Huaca Malena

Last Modified: 08 Aug 2012

Huaca Malena Textile Fragment © Instituto Nacional de Cultura

Peruvian site, the location of a major cemetery of the Wari culture that was heavily looted for textiles in the 1980s and 1990s.

The site of Huaca Malena is located approximately 100 km south of Lima in Peru’s Asia Valley. It is associated with the Wari civilization and from about 700 to 1100 AD Huaca Malena was a major Wari provincial cemetery (Meyers Breeze 2008). The site consists of a 4-acre-wide manmade platform which is augmented by six smaller terraces formed from adobe brick. It was discovered by Peruvian archaeologists Julio Tello and Toriba Mejía Xesspe in 1925 and their excavations resulted in the discovery over 300 mummy bundles (Angeles Falcon and Pozzi Escot 2005).The dry desert climate of the region has allowed for the exceptional preservation of textiles at Huaca Malena. According to Angeles and Pozzi (2005):

Textiles recovered from Huaca Malena range from tunics of cotton and camelid threads, woven bands, bags, belts, miniature looms, and other fragments. At least 32 techniques have been identified, including very fine tapestry, double cloth, brocade, gauze, warp-faced weaves, tubular weaves, and others.

Because of their superior craftsmanship, the Huaca Malena textiles are very desirable on the international antiquities market. As a result, the site has been extensively looted.

It is unclear exactly when most of the looting occurred at Huaca Malena. Archaeologist Rommel Angeles Falcon recounts that when he started his archaeological studies in the early 1980s, Huaca Malena was largely intact. By the time he was appointed director of an archaeological project at Huaca Malena in 1997, the site was 65 per cent looted and the entire top terrace had been destroyed (Meyers Breeze 2008). Angeles’ project has recovered about 4,000 textiles fragments, many of which had been discarded by looters on the surface of the mound (Angeles Falcon and Pozzi Escot 2005).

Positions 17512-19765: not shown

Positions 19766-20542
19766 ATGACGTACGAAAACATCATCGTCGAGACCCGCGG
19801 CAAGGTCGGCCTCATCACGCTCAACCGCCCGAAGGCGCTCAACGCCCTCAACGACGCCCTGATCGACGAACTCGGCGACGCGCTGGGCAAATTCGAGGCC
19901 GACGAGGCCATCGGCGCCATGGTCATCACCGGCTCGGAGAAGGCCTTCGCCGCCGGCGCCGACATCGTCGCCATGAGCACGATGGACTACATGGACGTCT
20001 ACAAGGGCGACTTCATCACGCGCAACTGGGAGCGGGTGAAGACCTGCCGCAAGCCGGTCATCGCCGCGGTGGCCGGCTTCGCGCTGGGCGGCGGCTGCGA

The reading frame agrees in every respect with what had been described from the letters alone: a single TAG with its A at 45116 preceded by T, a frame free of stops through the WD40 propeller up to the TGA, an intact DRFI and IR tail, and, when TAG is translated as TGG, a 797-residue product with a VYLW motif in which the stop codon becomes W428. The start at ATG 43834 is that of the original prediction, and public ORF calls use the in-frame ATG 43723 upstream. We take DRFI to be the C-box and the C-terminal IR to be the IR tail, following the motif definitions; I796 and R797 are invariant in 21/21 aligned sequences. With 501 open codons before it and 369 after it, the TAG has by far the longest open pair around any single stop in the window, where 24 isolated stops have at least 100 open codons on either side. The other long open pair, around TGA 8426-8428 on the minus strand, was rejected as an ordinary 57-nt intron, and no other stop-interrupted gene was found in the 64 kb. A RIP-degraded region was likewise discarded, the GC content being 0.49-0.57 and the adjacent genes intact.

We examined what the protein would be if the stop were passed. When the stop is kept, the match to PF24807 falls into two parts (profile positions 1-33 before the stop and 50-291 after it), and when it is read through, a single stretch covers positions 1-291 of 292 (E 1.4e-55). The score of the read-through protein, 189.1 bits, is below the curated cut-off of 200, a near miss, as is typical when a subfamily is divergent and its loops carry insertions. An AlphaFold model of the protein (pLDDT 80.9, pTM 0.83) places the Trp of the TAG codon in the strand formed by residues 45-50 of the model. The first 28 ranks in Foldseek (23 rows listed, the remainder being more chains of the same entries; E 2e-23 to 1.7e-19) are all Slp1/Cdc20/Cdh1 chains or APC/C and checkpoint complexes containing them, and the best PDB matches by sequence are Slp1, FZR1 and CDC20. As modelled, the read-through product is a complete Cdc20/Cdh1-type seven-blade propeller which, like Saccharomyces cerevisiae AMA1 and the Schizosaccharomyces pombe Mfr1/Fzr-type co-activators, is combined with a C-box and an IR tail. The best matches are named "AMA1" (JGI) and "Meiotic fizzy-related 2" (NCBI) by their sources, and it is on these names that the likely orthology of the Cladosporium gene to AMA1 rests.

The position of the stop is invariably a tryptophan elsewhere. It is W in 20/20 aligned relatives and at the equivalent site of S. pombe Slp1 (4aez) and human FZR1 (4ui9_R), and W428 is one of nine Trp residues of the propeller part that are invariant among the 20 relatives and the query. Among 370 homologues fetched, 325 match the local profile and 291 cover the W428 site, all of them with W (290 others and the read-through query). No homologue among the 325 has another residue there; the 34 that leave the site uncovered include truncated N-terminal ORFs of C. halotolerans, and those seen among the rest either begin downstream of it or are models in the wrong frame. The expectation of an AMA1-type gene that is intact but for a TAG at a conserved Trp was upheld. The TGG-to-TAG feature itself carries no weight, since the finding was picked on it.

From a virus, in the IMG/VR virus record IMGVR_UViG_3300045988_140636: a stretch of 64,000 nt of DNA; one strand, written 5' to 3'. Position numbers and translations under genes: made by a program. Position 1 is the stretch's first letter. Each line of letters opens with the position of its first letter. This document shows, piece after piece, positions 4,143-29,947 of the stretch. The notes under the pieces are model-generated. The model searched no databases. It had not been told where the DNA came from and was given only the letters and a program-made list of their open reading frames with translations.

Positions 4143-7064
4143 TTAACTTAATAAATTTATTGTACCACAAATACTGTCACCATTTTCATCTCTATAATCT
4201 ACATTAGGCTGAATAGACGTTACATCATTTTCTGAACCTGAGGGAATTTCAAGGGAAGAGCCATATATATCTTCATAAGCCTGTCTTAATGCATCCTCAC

Angeles and his colleagues have embarked on a number of initiatives to both preserve the remaining Huaca Malena textiles and educate the public about the information-loss associated with the looting at the site. They founded an ‘Adopt-a-Textile’ program which encourages locals, students, and scholars to become involved in the preservation of the recovered Huaca Malena pieces (Meyers Breeze 2008). In 2001 they opened a local museum and in 2007 the museum organised a protest against looting in honour of the International Museums Day (Universa 2007). They have also worked extensively with local school children to promote the value of the Huaca Malena as a site of learning and local history. According to most accounts, looting at Huaca Malena has been slowed significantly because of their efforts.


Angeles Falcon, Rommel and Pozzi Escot, Denis (2005), ‘The Archaeological Project of Huaca Malena’, ICOM-CC: L.I.C News: working group on legal issues in conservation, 6-9.

Meyers Breeze, Camille (2008), ‘A Peruvian-American Conservation Collaboration’, Textile Specialty Group Postprints, 18, 88-99.

Universa (2007), ‘Por el Dia de los Museos se buscara rescatar la Huaca Malena’, Universa, 18 May.